From its construction in the third century B.C. until the Roman conquest of Egypt in 30 B.C. the Royal Library of Alexandria flourished as the heart of cultural and intellectual development in the ancient world. Charged with collecting the world’s knowledge, it stored an estimated 400,000 parchment scrolls representing the works of some of the greatest minds of antiquity. When the library burned down, it became a symbol of the destruction of cultural knowledge.
Could the same fate await today’s libraries? Unfortunately, yes. In recent years, fires resulting from warfare and revolution destroyed libraries in Mali, Iraq and Egypt and, with them, priceless remnants of our world’s heritage. However, we’d like to think that the digitization of books, art and more will one day result in libraries that are impervious to just about any manmade or natural disaster.
Hundreds of institutions have already digitized their collections, and it’s not just books that are being transformed. The New York Botanical Garden recently added the two-millionth plant specimen to its digital research collection. Nor are efforts restricted to the preservation of physical assets. The British Library is archiving 4.8 million UK websites in order to provide future generations with a wealth of information as to how life was lived in the Internet Age.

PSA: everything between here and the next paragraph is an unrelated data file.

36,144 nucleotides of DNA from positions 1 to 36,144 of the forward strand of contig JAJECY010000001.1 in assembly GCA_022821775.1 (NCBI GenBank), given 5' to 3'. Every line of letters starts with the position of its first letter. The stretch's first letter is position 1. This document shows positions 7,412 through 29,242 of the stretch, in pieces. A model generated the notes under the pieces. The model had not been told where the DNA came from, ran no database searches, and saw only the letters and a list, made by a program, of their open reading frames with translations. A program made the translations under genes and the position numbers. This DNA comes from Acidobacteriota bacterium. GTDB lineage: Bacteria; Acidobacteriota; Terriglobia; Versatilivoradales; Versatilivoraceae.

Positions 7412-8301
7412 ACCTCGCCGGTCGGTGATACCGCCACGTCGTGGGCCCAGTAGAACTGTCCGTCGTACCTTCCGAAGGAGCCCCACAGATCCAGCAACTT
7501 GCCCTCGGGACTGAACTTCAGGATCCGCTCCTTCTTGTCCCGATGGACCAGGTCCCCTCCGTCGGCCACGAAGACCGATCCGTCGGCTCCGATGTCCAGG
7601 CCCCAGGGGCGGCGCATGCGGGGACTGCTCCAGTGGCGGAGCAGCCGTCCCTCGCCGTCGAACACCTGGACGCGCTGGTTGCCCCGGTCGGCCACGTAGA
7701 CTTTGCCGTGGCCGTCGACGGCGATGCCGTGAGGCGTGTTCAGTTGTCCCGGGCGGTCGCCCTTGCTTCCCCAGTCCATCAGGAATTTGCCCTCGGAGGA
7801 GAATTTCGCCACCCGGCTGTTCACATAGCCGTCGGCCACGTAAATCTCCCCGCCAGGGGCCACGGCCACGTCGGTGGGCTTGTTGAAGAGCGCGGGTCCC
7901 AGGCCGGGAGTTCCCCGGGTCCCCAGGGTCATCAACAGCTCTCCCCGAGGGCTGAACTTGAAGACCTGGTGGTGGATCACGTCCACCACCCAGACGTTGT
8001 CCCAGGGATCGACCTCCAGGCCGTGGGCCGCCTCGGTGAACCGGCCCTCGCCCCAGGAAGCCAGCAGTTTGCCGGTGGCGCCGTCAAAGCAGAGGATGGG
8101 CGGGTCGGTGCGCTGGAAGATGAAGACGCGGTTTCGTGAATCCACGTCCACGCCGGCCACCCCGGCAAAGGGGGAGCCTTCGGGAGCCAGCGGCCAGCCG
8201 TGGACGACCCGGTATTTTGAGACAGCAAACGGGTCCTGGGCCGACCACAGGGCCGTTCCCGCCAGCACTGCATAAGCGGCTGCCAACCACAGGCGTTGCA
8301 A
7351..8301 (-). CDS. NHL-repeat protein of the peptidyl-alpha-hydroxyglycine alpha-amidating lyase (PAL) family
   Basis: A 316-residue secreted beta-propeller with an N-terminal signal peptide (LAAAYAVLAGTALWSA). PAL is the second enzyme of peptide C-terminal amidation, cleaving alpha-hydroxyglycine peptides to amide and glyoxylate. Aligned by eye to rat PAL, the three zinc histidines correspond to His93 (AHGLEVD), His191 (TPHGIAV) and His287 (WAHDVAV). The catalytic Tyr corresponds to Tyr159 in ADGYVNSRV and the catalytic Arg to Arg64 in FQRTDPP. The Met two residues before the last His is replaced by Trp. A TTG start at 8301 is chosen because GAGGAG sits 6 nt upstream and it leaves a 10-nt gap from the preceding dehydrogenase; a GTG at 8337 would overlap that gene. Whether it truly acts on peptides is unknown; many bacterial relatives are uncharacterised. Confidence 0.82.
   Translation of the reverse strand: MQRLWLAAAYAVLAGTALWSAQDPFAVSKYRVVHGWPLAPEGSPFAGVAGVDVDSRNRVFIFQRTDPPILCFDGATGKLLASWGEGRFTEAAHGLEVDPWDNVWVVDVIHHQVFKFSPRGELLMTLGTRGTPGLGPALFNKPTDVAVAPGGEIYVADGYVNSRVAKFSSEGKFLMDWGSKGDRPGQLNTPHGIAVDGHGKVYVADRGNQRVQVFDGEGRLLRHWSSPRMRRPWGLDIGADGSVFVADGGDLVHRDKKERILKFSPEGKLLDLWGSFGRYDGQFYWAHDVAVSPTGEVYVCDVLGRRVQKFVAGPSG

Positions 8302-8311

Taking things a step further is the Digital Public Library of America (DPLA). Made available this past spring, our nation’s first public online library features an application programming interface (API) and maximally open data so it can be used by educators, software developers, researchers and others to create unique learning environments (think 3-D tours of ancient pyramids) and tools for discovery.
However, even these next-generation library collections could be subject to the adverse affects of disasters. Few institutions can afford the sophisticated storage systems or keep pace with the changing security technologies necessary to protect digitized content, as well as things like payments, privacy and the assertion of usage rights. That’s why today’s third-party data centers may be our best line of defense for protecting the precious moments and mementos of our world’s history and culture.
To gain and maintain customer confidence and protect the data entrusted to them, third-party data centers are equipped with advanced environmental controls and industry-leading security technologies. The best among them undergo rigorous audits to meet stringent regulatory and compliance standards. The use of virtualization and the cloud for business continuity and disaster recovery help minimize potential data loss, improve data availability and enable fast recovery with little or no downtime.
Are third-party data centers indestructible? Maybe not. But think of it this way: had the Royal Library of Alexandria been able to back up its information to one of today’s secure third-party data centers, a significant chunk of our world’s ancient history might still be accessible.